If you've made attaining or maintaining a healthy weight a priority, you might find yourself reaching a weight loss plateau. The moments when your progress in your journey comes to a halt are incredibly frustrating. 

What causes a weight loss plateau? 

Weight loss plateaus happen because our bodies are naturally a bit wary of losing too much weight—long, long ago, a loss of weight for our hunter-gatherer ancestors could be deadly. Our bodies want to be at an equilibrium as much as possible, not losing or not gaining too much. Plateaus happen because the body has adapted to the changes in diet and exercise that have been made and now it's working to maintain that status quo. 

If you encounter a plateau along your healthy weight journey, keep in mind that it's a totally normal part of the path. All too often, a weight loss plateau can trigger negative thinking about our ability to stick with a goal, but maintaining a positive attitude is key to continuing on a sustainable health track. 

How to break a weight loss plateau 

There are a few strategies you can try to help crack that weight loss stall. 

Switch up your exercise routine 

Your body has gotten used to what you've been doing, so it's time to incorporate something new. You don't have to totally throw out your workout program—it's good to have variety in your physical activity, so add some new moves into the old routine. Add incremental increases to your activity level. Doing aerobic exercise for one more minute or adding a small amount of weight or repetitions to your strength training regimen might be all you need to see the scale move a bit. 

Take another look at your diet 

If you aren't already, try tracking your food and drink intake for a few days to see if any hidden calories have snuck back in. Have you been stressed lately and maybe paying less attention to what you're eating? Did you have a celebration with more food/drinks/treats than usual? If you find that you've been taking in more calories than you want to on your nutrition plan, remember that it's okay. Let’s get back on track.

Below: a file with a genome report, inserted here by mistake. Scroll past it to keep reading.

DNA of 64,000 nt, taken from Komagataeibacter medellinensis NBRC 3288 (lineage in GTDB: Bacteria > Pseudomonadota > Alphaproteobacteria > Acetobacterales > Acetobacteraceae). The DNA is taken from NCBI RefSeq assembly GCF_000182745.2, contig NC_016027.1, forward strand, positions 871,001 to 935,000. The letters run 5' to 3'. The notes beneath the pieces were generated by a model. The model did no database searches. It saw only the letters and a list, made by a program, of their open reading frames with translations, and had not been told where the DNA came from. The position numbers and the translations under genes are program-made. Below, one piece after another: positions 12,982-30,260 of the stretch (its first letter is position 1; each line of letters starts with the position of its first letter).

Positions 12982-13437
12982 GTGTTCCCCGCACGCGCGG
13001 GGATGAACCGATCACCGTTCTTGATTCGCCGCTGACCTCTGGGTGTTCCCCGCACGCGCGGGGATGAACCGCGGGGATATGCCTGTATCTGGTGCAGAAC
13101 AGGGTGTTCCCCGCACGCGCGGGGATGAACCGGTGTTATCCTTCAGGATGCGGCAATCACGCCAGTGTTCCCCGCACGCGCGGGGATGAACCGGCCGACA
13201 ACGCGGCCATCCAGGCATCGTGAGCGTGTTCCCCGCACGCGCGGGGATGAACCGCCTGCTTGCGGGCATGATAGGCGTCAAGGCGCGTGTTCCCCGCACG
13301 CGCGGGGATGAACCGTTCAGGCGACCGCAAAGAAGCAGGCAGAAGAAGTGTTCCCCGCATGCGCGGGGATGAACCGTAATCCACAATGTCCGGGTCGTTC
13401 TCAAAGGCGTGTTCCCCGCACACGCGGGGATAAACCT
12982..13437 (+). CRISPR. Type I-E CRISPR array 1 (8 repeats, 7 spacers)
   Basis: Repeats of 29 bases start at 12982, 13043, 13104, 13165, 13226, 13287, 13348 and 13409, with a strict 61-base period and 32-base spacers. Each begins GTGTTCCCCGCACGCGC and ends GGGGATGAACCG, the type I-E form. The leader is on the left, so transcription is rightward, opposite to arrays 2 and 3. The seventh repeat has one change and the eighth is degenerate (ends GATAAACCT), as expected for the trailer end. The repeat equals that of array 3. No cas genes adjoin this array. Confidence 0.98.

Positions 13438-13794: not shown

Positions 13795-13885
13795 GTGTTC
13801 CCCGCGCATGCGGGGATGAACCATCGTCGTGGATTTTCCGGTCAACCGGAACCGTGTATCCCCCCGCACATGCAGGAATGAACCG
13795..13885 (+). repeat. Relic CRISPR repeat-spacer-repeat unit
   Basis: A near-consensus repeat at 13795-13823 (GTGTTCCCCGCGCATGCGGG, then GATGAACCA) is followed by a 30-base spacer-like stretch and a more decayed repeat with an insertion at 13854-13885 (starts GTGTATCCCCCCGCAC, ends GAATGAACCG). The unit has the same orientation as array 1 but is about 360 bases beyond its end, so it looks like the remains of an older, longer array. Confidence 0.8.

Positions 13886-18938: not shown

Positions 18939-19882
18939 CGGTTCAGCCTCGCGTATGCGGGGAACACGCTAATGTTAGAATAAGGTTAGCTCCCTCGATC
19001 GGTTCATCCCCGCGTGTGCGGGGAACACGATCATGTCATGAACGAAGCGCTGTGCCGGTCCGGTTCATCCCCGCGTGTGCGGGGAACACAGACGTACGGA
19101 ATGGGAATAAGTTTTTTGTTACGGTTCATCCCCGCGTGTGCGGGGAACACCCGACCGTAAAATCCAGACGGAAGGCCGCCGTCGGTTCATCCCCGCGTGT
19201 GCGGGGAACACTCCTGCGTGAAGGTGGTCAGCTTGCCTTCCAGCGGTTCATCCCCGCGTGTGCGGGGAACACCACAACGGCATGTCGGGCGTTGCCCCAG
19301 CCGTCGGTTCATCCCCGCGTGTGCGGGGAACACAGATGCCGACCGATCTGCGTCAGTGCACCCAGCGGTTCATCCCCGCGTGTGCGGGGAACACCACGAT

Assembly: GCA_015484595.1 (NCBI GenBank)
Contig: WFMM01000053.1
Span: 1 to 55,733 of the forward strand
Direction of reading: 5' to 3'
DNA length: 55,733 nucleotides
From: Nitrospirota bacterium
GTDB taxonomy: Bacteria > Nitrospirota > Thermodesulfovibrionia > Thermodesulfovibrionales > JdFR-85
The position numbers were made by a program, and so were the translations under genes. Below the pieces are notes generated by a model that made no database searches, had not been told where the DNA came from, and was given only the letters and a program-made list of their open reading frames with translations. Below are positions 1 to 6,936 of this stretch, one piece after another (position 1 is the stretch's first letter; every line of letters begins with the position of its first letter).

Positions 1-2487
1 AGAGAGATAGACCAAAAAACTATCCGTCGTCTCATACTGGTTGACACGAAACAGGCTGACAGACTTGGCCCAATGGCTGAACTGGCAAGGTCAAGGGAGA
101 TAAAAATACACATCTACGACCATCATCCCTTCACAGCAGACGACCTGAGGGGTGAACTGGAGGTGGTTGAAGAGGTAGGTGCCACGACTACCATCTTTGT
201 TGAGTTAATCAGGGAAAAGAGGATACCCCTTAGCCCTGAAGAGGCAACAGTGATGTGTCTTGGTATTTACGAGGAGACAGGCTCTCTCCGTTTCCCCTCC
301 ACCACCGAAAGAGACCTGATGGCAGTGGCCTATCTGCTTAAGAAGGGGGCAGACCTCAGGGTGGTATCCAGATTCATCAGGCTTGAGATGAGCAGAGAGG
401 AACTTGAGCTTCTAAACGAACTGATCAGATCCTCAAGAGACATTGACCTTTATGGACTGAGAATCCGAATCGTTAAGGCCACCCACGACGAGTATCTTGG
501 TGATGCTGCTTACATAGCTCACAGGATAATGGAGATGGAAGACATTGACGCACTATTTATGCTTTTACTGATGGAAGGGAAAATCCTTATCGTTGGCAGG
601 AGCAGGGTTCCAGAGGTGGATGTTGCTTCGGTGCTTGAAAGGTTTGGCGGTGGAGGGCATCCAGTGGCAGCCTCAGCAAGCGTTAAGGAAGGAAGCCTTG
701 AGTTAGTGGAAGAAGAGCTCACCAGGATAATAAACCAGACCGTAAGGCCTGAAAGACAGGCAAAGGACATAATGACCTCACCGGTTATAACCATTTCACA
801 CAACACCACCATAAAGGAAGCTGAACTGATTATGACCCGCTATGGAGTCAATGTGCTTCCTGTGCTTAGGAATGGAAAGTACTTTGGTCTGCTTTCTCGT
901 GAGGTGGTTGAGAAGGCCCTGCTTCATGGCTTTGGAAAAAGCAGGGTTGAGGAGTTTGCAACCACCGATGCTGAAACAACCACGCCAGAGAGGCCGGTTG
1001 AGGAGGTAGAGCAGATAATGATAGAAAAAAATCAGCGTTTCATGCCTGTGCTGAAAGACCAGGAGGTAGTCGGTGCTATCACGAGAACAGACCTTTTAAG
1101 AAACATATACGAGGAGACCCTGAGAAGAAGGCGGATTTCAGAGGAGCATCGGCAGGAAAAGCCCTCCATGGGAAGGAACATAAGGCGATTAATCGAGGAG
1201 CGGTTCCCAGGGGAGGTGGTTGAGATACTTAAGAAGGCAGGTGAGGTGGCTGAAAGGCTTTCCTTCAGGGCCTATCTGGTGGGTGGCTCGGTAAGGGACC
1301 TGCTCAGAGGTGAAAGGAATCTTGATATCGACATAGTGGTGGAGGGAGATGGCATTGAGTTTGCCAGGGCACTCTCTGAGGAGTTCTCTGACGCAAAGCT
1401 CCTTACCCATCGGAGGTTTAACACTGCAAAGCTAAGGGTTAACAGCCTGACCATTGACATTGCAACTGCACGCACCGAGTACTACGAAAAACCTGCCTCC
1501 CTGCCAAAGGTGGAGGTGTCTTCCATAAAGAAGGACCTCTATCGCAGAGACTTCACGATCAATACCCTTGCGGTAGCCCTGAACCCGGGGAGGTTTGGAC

Maybe your nutritional plan hasn’t changed recently, but you're still not meeting your weight loss goals. A dietitian can help you refine your nutritional plan in a healthy way, without risking making changes that are drastic. And don't forget to incorporate different healthy foods to help your brain and your body stay satisfied with variety. 

Prioritize sleeping 

A lack of sleep can lead to hormone imbalances, making us crave less healthy foods and decreasing our metabolism. If you haven't been sleeping well and encounter a weight loss plateau, take another look at your sleep routine and see if adjustments need to be made, or if you need a reset. 

Dealing with weight recurrence 

Just as hitting a weight loss plateau is a natural part of the journey, weight recurrence, or regain, can also be very normal. Small changes in weight can be attributed to a variety of factors, including your level of hydration or hormone levels associated with menstruation. If you find that you're gaining back more than a few pounds, most of the tips for managing a weight loss plateau apply for weight recurrence. 

Take a moment to assess what may have changed that would lead you to consuming less nutritious foods/drinks or interrupting your exercise plan. You may also try changing up your exercise plan to add in more variety and increase your activity level. Work with a dietitian or your healthy weight plan manager to identify some changes you can make in your nutritional plan or exercise routine. 

If you find that you are struggling on your own healthy weight journey, Lifespan's Obesity Medicine program can help. As the region's only accredited obesity medicine program, we help patients achieve a healthy lifestyle through a variety of evidence-based research methods. Visit us online or call us today at 401-793-7837.

Kellie Armstrong, MS, RN, CBN

Kellie Armstrong, MSN, RN, FASMBS-IH, CBN

Kellie Armstrong is the manager for the Center for Bariatric Surgery at The Miriam Hospital. She was the state of Rhode Island’s first certified bariatric nurse, and is also a success story for bariatric surgery. After having surgery, Kellie lost over 100 pounds, lives a healthy lifestyle and now participates in triathlons, marathons, and other healthy events.